Netflix comes to the iPhone

The streaming movie service is (nearly) everywhere: on your phone, your TV, your computer, and your game console.
The streaming movie service is (nearly) everywhere: on your phone, your TV, your computer, and your game console.

The idea of 'ꀜyour media ... everywhere'ꀝ just got a little more real. Netflix on Thursday made its movie subscription service available on the Apple iPhone. If you'ꀙre somewhere in the outback and need your flicks fix, you can watch one of approximately 17,000 full-length movies or TV shows available for instant viewing.

For those unfamiliar with Netflix, it'ꀙs a service that brings full-length movies directly to you either by U.S. mail or instantly via the Internet. The Internet streaming feature has been attracting the most attention: You can watch an unlimited number of films and TV shows on your computer, smartphone, or other device for about $9 a month. For those who still prefer DVDs, you can get one DVD at a time included with that package; if you want up to 8 DVDs (including Blu-ray titles), your monthly tab increases. The DVD-by-mail service has well over 100,000 titles.

I tested the service on an iPhone while I was in the dentist's chair (anything to distract me). I had downloaded the app from the Apple store and had installed it in a few seconds. When I entered my name and password from the chair, I was up and running almost instantly.

I had been watching a movie via Netflix three nights ago on a laptop computer. Without my asking, the movie was there for watching on my iPhone: paused at the point I had stopped watching days before. A pretty neat feature. (The app also is available on the iPod Touch as a WiFi-only service.)

Netflix is aggressively moving to strengthen its position as the go-to company for streaming movies. A few days ago, it released an app for the iPad. An Android phone app, according to the blogosphere, is due anytime. There are stand-alone boxes such as the $100 Roku to bring Netflix to your TV. There are also a growing number of Blu-ray players and game consoles that you can use to see Netflix flicks.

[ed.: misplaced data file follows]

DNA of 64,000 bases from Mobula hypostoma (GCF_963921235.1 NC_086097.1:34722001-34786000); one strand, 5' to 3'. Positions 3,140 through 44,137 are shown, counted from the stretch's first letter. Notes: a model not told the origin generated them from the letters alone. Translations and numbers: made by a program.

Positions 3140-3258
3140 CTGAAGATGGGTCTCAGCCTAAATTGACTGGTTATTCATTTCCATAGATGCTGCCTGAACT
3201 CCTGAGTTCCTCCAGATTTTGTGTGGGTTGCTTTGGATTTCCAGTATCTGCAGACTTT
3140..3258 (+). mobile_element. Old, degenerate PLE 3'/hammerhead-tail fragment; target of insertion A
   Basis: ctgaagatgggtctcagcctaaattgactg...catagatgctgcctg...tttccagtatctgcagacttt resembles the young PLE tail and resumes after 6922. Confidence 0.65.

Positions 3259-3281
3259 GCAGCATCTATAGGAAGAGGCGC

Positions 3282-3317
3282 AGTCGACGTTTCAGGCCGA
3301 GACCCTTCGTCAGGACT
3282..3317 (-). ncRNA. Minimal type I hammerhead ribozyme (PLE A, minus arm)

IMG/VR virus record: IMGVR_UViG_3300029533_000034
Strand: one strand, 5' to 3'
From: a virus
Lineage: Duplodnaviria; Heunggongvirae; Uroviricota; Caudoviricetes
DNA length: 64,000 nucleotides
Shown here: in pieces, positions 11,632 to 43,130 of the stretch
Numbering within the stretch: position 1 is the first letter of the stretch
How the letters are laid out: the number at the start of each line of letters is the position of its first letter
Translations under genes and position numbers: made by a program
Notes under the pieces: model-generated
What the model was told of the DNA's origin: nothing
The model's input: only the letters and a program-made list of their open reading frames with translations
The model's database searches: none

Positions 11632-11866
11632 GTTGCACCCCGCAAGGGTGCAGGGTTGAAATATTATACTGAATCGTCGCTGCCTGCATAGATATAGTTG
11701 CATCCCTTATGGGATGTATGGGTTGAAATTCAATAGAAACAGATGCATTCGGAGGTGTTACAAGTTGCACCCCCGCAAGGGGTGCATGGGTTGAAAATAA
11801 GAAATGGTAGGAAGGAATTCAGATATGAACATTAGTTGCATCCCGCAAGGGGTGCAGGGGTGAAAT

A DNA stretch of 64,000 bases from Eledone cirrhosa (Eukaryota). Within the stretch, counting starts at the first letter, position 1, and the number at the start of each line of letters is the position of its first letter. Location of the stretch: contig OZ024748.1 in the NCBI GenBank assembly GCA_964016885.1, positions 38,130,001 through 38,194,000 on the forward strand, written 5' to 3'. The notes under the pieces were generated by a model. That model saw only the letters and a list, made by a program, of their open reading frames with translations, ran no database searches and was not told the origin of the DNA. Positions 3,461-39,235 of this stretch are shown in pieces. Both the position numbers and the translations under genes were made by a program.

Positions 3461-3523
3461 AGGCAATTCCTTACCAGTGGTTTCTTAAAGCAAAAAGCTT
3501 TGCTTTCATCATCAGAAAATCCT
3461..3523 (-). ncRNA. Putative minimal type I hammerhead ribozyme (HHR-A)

The idea of seeing streaming media everywhere, and at reasonable prices, is among the most striking developments in today'ꀙs consumer tech world. Netflix is clearly leading the charge, but a 100,000-pound gorilla may be waiting in the wings: Apple is about to have one of its media 'ꀜevents'ꀝ on Wednesday (Sept. 1). The rumor mill has the company announcing an upgraded version of its Apple TV box: a unit that attaches to your TV set and makes the iTunes Store library of movies and TV shows available for watching on your TV. (You can also use your laptop to connect to your TV.)

The buzz is that Apple will announce pricing plans that will bring down the cost for renting many TV shows and movies. The sweet spot economically is rumored to be 99 cents — the same as many, if not most, iPhone apps. Renting movies and TV shows from iTunes is pricey. An example: Episodes of CBS'ꀙ stellar new series, 'ꀜThe Good Wife,'ꀝ can only be purchased, not rented, on iTunes, and at a price of $3 per episode; a 'ꀜseasons pass'ꀝ for all 23 episodes is $60. Complain as loudly as you like about the fact that they were free when they were originally broadcast.

There are a raft of other services — some paid, some free — that stream episodes to your TV and Internet-connected devices. The big issue is selection: Who has the shows you want to see, and how much will it cost to see them? A quick preview: The FX drama "Damages" was canceled in July after three seasons. The new season has been picked up by Direct TV, the satellite service, and will be available only to Direct TV subscribers. No Direct TV? No "Damages." You'll have to wait for the DVD. Maybe you'll even see it on Netflix ... next year.


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